Bridge of Spies is based on the true events taking place during the Cold War whereby an insurance attorney is persuaded to defend a captured Russian spy on trial for his life in a no win case. After exceeding expectations and the timely capture of an American Spy by the Russian’s, James Donovan (Tom Hanks) must then go one step further and arrange for an exchange of prisoners in a politically sensitive Germany where the Berlin Wall is just being erected.
From the outset you can see this was going to be a film with little action and thus my expectation of drama and tension increased, unfortunately the film failed to rise with these expectations. At the core I think Steven Spielberg made this film too safe. It’s the sort of film that will satisfy masses without doing much. Aesthetically he does a great job. Destroyed Germany in the winter time looks about as appealing as a kick in the balls. The scenery is rugged and with a constant military presence the atmosphere is constantly wary one. What was lacking was any sort of emotional depth from our main characters and there was a complete void of tension. There was absolutely no peril. Luckily for the film the content is interesting enough to keep the attention of the viewer waning even though it was over 2 hours long.
Tom Hanks plays your typical Tom Hanks character to good affect as the lead and is instantly recognisable. You can’t help feeling that showing the impact of what Hanks see’s whilst in a shattered Berlin would have added an extra drive and dimension to his motives.
By far the most interesting character was Russian spy Rudolf Abel, played by Mark Rylance. There is an air of mystery to his character that is contant and yet there is something that is quite calming about how he never panics/worries about anything. When needed he imparts wisdom on Donovan and you can visibally see the mutual trust grow between the 2 characters. It is therefore a shame that he was only really in the first act of the film as he could have really added to some later scenes.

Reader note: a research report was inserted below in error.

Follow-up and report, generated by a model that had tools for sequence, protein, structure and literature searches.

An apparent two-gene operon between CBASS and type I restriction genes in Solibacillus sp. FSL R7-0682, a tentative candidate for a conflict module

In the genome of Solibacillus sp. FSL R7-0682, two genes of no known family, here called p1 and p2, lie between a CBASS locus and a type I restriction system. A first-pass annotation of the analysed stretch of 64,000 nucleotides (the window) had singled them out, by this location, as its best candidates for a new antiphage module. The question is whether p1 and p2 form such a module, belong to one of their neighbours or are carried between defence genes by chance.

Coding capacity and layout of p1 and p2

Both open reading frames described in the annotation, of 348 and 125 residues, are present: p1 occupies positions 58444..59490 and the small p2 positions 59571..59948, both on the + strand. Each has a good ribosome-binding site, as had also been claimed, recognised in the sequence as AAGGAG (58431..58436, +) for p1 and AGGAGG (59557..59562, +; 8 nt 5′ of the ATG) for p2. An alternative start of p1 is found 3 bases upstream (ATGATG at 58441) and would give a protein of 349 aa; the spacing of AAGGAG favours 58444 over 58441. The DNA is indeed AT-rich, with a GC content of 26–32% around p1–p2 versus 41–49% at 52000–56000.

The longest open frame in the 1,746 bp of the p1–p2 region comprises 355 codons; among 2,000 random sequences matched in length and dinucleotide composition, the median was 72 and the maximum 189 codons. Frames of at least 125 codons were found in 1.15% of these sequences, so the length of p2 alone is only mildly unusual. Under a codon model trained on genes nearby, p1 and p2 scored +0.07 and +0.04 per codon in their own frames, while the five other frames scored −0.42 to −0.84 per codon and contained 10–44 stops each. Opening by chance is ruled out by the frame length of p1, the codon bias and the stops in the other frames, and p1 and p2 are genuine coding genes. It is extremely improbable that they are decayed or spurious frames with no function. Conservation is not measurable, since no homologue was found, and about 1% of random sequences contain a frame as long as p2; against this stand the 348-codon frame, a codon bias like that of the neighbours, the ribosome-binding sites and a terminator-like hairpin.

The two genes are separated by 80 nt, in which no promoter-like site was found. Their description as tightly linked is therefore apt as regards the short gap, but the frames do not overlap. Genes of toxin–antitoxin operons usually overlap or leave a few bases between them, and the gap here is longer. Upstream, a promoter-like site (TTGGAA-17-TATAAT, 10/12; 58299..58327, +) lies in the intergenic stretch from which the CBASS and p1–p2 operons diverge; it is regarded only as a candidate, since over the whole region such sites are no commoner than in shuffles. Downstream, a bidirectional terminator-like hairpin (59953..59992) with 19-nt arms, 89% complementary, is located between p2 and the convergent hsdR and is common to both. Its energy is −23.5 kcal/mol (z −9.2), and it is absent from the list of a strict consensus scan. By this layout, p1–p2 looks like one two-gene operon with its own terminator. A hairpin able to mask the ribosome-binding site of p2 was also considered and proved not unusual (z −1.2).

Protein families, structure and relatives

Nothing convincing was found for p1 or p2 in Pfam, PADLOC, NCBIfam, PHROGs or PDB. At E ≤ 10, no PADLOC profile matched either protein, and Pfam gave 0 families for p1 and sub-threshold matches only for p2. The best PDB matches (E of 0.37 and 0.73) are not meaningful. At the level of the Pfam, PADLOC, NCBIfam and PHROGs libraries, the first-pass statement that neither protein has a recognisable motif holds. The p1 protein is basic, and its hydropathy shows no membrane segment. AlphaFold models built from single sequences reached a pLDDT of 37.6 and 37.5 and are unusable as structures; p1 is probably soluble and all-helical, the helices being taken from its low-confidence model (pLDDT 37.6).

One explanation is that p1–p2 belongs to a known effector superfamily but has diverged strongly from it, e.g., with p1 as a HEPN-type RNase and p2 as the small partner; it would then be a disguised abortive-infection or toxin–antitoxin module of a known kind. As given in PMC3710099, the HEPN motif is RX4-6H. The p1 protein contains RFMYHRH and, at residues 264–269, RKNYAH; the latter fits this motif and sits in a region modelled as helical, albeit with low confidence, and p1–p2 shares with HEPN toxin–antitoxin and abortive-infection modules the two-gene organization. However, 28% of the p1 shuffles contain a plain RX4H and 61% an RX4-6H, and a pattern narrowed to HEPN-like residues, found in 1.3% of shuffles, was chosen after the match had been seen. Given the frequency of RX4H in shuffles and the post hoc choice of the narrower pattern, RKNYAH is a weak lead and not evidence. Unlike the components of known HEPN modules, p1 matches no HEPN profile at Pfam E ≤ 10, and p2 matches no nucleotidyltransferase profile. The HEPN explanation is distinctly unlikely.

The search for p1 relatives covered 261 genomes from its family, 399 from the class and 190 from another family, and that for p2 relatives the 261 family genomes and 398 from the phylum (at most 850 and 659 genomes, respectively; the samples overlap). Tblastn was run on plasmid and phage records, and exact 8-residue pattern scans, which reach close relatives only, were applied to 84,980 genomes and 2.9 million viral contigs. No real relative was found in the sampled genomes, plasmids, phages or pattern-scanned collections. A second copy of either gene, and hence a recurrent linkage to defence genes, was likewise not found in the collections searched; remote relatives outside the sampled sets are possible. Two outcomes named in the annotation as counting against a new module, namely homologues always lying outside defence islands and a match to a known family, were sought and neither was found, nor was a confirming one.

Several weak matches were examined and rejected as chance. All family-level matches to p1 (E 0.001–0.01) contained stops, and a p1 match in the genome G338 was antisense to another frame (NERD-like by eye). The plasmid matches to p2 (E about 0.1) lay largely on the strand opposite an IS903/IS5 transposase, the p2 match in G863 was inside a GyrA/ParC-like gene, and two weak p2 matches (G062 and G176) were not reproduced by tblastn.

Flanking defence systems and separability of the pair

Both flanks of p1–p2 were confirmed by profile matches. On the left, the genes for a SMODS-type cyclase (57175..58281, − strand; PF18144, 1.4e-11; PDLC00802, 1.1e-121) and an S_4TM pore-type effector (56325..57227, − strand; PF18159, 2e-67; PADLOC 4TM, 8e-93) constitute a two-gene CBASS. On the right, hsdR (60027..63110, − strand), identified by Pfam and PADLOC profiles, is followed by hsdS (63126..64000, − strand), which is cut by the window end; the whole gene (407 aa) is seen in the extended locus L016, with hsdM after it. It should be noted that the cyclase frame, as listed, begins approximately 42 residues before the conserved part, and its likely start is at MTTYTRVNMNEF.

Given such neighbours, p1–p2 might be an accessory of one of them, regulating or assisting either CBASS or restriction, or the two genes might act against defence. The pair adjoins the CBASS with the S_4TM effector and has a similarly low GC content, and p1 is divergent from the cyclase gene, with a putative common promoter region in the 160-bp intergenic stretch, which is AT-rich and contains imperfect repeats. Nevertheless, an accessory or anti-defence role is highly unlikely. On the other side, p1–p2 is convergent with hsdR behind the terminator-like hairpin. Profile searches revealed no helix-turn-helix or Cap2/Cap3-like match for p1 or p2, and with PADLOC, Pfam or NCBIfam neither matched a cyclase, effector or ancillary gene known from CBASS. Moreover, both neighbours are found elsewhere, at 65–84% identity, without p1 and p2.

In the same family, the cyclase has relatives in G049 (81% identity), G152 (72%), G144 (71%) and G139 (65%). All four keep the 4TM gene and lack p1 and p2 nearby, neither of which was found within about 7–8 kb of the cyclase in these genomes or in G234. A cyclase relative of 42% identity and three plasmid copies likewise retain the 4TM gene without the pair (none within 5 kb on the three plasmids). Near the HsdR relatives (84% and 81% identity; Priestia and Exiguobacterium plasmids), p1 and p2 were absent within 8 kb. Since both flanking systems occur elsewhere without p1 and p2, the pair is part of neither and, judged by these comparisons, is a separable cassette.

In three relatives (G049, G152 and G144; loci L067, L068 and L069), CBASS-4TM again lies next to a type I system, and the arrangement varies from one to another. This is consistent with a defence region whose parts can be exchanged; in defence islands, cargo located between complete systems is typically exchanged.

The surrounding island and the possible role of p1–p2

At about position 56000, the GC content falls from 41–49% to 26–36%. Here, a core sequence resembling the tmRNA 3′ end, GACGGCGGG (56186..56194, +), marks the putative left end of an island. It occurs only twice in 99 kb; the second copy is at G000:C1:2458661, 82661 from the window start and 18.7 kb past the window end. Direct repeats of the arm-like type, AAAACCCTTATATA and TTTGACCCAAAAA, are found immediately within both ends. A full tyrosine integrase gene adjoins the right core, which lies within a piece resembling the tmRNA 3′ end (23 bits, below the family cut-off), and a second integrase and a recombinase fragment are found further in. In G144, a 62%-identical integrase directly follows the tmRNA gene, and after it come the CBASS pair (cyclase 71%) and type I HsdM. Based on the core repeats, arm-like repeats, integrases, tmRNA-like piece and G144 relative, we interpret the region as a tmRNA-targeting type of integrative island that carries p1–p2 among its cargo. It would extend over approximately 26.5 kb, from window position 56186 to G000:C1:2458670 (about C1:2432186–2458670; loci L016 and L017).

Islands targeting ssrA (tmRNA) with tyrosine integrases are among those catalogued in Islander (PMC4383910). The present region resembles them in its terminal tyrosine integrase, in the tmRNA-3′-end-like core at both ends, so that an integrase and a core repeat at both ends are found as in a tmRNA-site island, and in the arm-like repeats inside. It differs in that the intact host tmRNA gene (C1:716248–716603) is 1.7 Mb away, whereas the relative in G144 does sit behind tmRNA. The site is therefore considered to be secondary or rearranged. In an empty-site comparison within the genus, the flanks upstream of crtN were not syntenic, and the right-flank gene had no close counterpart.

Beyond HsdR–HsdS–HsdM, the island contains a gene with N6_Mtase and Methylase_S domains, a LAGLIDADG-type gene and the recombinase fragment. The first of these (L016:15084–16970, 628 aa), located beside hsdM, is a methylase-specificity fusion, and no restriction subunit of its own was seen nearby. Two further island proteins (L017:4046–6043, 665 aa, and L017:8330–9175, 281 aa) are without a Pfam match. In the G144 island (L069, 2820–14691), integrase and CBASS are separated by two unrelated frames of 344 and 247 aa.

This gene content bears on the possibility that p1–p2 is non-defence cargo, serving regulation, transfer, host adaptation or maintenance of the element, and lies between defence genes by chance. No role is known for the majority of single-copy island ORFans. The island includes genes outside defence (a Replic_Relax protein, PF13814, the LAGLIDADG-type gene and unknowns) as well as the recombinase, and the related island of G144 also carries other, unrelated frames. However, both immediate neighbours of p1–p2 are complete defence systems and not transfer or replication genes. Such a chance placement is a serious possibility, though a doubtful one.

On the same note there are a plethora of introduced characters that you think will have more of a role in the plot but are then are never seen again. These characters were uninteresting and not ancillary to the story in any way.
The film has 3 clear acts, a courtroom arc, the negotiation and then the exchange, and none of these sections of the film stand out from one another. The courtroom scenes were dry and not very engaging, there are plenty of good examples out there that Spielberg could have taken inspiration from. The negotiation phase is interesting enough but focusses much more on devastated Berlin rather than building any sort of drama or tension through the delicate political landscape. Last is the exchange and at no point was there any tension created or any feeling that something would go wrong or that anyone was in any real danger. As a viewer you are told how important it is but you don’t at any point feel it.
There was a real opportunity to put across a good argument for the legitimacy of due process against what is perceived to be ‘morally’ right by the population. There have constantly been blurred lines between the subjectivity of what someone deserves vs the interpretation of constitutional law during those Cold War years and while we see some of the effect of it, civil liberties are something that goes to the heart of American culture. It is an important issue that is forgotten about after the first 30 minutes.
There is always an argument for how faithful a film should stay to the events that happened, but as this is not a documentary and a disclaimer was made that it was ‘based’ on true events there is no real reason that creative licence couldn’t be taken further to make the content more interesting and input some ‘edge of your seat’ moments.
It’s a solid Cold War drama with a recognisable face in Hanks on the face of it and a recognisable feel in Spielberg behind the camera. Even though solidly executed and looks good, a weak script with little tension stops this from being the compelling drama it could have been.